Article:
Anne of Green Gables is one of the most beloved children's books of all time, and if you haven't read it (or any of the successive books in the series), you've probably seen some pieces of the four films it inspired. Lots of girls identify with Anne, who reads books and hates her hair, but lots of fans are surprised when they start comparing the book to the film.
The original book, and the first in what would become an iconic series, was published way back in 1908. It remains extremely popular; even today, young girls show up in Canada with their hair dyed red and styled in pigtails. They come to walk the same paths that Anne took and to see the iconic Green Gables farmhouse, located in Cavendish.
Anne Shirley is an orphan girl who has been tossed to and fro for much of her life. The bane of her existence is her hair, which is as red as carrots, though the matching freckles on her face are cause for some concern as well. A pair of elder siblings, Marilla and Matthew Cuthbert, have decided to adopt an orphan boy to help with the running of their farm. The orphanage sends Anne instead, much to everyone's dismay. Anne wishes to stay at Green Gables immediately, but she's a talkative and brash little thing -- not to mention female. At first it seems certain she'll be sent back, but Marilla decides that Anne should stay instead.
What follows is a series of enjoyable hijinks as Anne goes through her teen years. She develops an instant dislike for Gilbert Blythe, and strikes up a great friendship with Diana Barry. She's easily distracted by books and by her own imagination, prone to getting into scrapes and thoroughly lovable in all ways. Gilbert, of course, is wildly interested her and does all he can to earn her affections -- but he is being punished for teasing her about her red hair. At the end of the book, Anne has decided to stay at Green Gables rather than go to college due to a tragic event. The story continues in 7 books that follow.
Lucy Maud Montgomery is truly a literary icon and an accomplished author, and she created one of the most memorable and beloved characters of all time...but Anne of Green Gables is one of those rare books that's actually better on film.
It's easy to see the book is an early effort from Montgomery, and riddled with classic first-book problems. Frequently, Montgomery has her characters standing in empty rooms simply talking out loud to themselves -- having very in-depth one-sided conversations, no less, and it's disruptive. Much of the book is, in fact, dialogue. It is most definitely a delightful read, but you're missing out if you don't see the book on film, too.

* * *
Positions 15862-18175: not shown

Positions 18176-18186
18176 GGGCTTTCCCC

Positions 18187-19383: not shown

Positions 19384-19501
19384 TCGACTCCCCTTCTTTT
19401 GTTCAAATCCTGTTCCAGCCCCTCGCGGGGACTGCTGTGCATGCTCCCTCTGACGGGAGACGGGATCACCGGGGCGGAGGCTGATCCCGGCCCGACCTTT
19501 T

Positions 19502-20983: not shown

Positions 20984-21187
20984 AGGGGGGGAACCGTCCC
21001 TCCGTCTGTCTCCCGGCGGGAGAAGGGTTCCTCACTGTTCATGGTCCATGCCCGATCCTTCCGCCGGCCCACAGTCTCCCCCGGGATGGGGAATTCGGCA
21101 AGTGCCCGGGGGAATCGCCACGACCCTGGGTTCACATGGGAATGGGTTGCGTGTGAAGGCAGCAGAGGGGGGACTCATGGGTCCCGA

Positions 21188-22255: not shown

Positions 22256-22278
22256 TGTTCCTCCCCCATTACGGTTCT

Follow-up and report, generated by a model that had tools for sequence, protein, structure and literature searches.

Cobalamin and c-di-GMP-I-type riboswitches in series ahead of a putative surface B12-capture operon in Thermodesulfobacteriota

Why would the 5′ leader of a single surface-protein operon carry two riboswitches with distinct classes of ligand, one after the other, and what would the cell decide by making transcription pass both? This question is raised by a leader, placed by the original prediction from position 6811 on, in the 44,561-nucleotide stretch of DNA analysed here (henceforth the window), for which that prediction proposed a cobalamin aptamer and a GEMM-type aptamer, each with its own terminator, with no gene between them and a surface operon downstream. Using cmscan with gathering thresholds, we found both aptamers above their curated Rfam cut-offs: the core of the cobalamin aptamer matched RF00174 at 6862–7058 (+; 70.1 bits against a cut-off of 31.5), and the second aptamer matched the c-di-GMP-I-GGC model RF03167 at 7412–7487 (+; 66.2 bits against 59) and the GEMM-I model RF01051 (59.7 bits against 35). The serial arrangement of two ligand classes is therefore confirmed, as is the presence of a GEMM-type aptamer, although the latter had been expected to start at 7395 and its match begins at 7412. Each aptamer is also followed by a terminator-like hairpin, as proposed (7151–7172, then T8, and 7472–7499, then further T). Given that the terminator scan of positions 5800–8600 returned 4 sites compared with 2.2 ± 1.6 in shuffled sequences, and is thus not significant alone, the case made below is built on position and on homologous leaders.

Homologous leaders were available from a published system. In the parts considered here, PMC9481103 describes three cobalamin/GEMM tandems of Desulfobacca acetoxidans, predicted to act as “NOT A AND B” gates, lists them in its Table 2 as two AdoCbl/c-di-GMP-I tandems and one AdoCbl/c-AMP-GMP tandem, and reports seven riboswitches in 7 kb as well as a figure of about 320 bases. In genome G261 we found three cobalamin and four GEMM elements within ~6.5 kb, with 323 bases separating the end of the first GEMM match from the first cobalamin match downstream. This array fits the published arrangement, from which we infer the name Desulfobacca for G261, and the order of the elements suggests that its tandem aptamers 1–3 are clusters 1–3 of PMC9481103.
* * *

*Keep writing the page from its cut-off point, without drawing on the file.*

Anne of Green Gables is a popular story, and it's been adapted for the screen more than once. But without question the best version of the book is the 1985 television movie of the same name, starring Megan Follows in the title role. Montgomery's rich characters come to life in this version, and though I have my doubts about some of her early prose there's no questioning the author's gift for creating wonderful characters. The setting is also the same, and positively gorgeous on screen.
What Got Adapted?
But there are several differences between the book and film versions of Anne of Green Gables. The opening scenes of the film give a very detailed glimpse at Anne's life before she arrives at Green Gables, something the book does not do. Many fans of both are also annoyed by the trial period in the movie, an event which does not occur in the book. Once Marilla makes up her mind, it's made up -- in the movie, there is some suggestion that she might be swayed in one direction or another, but this is not the case in the book. Some characters, particularly the Reverend's wife, fade into the background in the movie more than they should.
Most notably, the concert Diana and Anne attend in the book is changed to a ball where Anne, in behavior that's outlandishly out of character, attempts to prove her own feminine wiles by exerting her spell over Gilbert Blythe. Anne is sort of accidentally pretty, and through her life never seems to realize it, so this entire scene is out of keeping with the books. Anne and Diana are too aware of boys by half in the movie; Anne absolutely isn't thinking of Gilbert romantically in the book.
That said, it's still an amazing movie and the best adaptation of the well-loved book. The world Anne inhabits, and the people in it, come to life beautifully and the casting is absolutely spot-on. I've loved it for so long, I actually own it on VHS (taped from public television, what). Go and watch it right now.